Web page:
What’s worse? ‘Kids Today’ or Client Expectations?


 

Little Rock Arkansas

Image compliments of Little Rock Beautiful Comission

 

I know I have not posted lately, but I have been traveling a lot.  As a matter of fact, I just returned home from Little Rock, Arkansas and my trip, as well as a brief conversation with some strangers on the last night, were the catalysts I needed to write this! 

My last night in town it was raining, and as I made way back to The Peabody,  I was ducking (no pun intended) under storefront awnings and doorways to avoid getting drenched.  I was half way to the hotel and as I popped into a doorway, there were a couple of “dudes” in their early twenties standing there.   Small talk ensued, mostly with the shorter one.  They appeared to be a gang of two; the shorter one did all of the talking and the other always looked at the leader before speaking when he did.  The leader asked me what I did for a living.  At the risk of confusing them (sometimes it is not crystal clear even to me), I simply said ‘I’m a consultant”.  He followed with “What’s that?” and I told him “I give people my opinion”.   Now the quiet one pipes up and asks “You can get paid for that?!” with his eyes wide open.  Now the simple conversation turned into more of a Magic 8 Ball session – they asked me about all of the secrets of the universe, as if I were the Dhali Lamba himself.  The last question came – “How much money can you make buying stocks?” he asks.  I tried to explain it was a matter of the amount invested, the stock, and the time period – but mostly luck.  The short one said “How much can I make if I buy $1,000 in stock?” – “It depends” I say, “But it wouldn’t be hard to get 10% in return over some time period”.  He then asks “How much is that?”. 

As I dash into the rain, running from the fear that I would get dumber if I stood there any longer, I was thinking to myself what every generation before me has thought, “What is it with kids today?”.  

This brings me to wondering what’s worse – “kids today” or client expectations?  Let me explain. 

Stethoscope

Image compliments of the Fordham University Blog

 

On a regular basis, I work with many of the most sophisticated and successful companies in the world, and I am amazed at how often they come to my company with a sincere desire to improve what they’re doing, yet when we ask them direct questions about their business challenges and other details that are variables that will dramatically affect our ability to help them, not to mention our price, they refuse to answer.  They just keep asking us “When can you provide a solution and how much will it cost?”  That’s like going to a doctor and telling her you that don’t feel well, but then not answering any of her questions about your symptoms or letting her examine you.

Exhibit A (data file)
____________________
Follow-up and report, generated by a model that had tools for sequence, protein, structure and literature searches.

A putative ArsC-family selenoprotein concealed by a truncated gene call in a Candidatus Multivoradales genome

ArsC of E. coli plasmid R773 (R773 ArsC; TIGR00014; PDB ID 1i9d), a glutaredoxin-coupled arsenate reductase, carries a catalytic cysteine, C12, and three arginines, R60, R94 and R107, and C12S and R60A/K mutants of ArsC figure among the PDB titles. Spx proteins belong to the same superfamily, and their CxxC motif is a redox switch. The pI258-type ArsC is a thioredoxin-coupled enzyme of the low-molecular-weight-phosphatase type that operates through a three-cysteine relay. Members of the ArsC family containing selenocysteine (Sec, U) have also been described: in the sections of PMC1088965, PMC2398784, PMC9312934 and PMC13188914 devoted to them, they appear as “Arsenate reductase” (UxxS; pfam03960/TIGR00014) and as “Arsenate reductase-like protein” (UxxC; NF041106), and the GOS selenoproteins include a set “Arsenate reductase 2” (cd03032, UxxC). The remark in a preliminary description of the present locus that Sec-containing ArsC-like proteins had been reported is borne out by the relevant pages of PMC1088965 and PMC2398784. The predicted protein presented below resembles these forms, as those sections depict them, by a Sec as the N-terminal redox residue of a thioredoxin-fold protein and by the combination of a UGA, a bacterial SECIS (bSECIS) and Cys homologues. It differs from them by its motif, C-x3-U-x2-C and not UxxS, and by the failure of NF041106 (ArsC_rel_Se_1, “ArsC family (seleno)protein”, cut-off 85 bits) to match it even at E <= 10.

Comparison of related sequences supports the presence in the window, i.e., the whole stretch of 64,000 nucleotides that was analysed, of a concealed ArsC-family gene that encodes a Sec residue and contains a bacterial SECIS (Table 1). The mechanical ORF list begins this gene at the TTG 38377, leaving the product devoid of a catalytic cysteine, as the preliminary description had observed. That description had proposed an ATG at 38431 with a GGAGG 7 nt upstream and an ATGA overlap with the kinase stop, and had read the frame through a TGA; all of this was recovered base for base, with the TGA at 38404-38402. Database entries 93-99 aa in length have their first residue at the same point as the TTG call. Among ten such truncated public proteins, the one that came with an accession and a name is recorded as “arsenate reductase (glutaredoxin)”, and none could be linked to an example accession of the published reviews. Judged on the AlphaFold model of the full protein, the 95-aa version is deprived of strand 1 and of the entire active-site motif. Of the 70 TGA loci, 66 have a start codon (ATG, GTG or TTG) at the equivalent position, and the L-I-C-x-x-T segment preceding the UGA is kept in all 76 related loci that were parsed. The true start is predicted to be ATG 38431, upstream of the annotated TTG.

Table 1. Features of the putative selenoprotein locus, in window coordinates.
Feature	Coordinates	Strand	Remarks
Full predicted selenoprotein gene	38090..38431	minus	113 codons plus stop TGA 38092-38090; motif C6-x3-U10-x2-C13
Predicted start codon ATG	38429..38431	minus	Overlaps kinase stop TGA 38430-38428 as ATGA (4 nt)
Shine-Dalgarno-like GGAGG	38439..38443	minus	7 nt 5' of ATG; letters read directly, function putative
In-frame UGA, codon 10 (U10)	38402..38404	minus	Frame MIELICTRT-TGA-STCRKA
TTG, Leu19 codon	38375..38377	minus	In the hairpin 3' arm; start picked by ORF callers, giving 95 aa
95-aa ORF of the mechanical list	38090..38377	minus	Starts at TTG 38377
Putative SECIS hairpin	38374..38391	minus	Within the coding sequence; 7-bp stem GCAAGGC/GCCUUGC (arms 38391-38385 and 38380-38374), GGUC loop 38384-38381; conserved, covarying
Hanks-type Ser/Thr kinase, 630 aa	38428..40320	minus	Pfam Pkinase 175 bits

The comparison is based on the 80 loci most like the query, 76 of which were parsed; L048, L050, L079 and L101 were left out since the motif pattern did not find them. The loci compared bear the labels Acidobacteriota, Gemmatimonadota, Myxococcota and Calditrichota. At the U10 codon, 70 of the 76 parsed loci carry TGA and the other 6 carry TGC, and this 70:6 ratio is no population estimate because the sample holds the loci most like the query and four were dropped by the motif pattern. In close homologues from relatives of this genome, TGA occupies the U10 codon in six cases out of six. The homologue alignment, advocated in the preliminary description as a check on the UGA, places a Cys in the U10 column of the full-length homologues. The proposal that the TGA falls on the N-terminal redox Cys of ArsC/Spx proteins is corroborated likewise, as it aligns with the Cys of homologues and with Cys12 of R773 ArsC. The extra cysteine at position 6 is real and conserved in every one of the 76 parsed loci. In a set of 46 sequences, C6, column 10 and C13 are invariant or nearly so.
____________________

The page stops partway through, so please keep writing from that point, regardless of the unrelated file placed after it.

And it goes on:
How can we prescribe a solution if you don’t describe the symptom?

Not sure which is worse – what do you think?

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How to increase customer response with trigger-based marketing (via MySalesHero’s Blog)


I have written about this topic before, but here is another angle and great insight from my colleague, MySalesHero….

How to increase customer response with trigger-based marketing You don’t have to be a superhero to know how important it is to be in the right place at the right time. It’s the same for your marketing programs. Timing is everything. Photography services for the recently engaged. Accounting assistance for an expanding company. Lawn care services after a new home purchase. By delivering the right offer just when your customer is ready to buy, you’ll improve buyer response every time. These trigger events in yo … Read More

via MySalesHero’s Blog

With the sprouting of gray hairs…


With the sprouting of gray hairs comes the realization that life is changing. First it was the reading glasses and now the gray hairs in my beard. This got me thinking about how my life today is different from a year ago not to mention 5, 10, or 15 years ago, and how much it will continue to change in the future. Fast forward through the sentimental and philosophical and you end up with the simple notion that:

“People need stuff and that stuff changes depending on their Lifestage”.

It Doesn’t Take a Genius
Marketers have known this for years and I take no credit for pointing this out. Many have gone to great lengths to create tools and methodologies to capture new clients whose journey through life is punctuated with events that ultimately define their needs (“needs” are very subjective and a whole ‘nother story). Life events include things like getting married, buying a home, having children, getting divorced (for more than 50% of U.S. society), becoming an empty-nester, and finally becoming a senior whose only interest seems to be spoiling the grandchildren and driving with a turn signal on. Let’s just say that my neighbor and I are both buying diapers but for different reasons – talk about cradle to grave, right?

Successfully reaching these consumers and getting them to buy your product or service depends on your ability to deliver a relevant, timely and compelling message in the appropriate and desired channel, which might include direct mail, email, mobile, social, search, or display.

Lifestage + Channel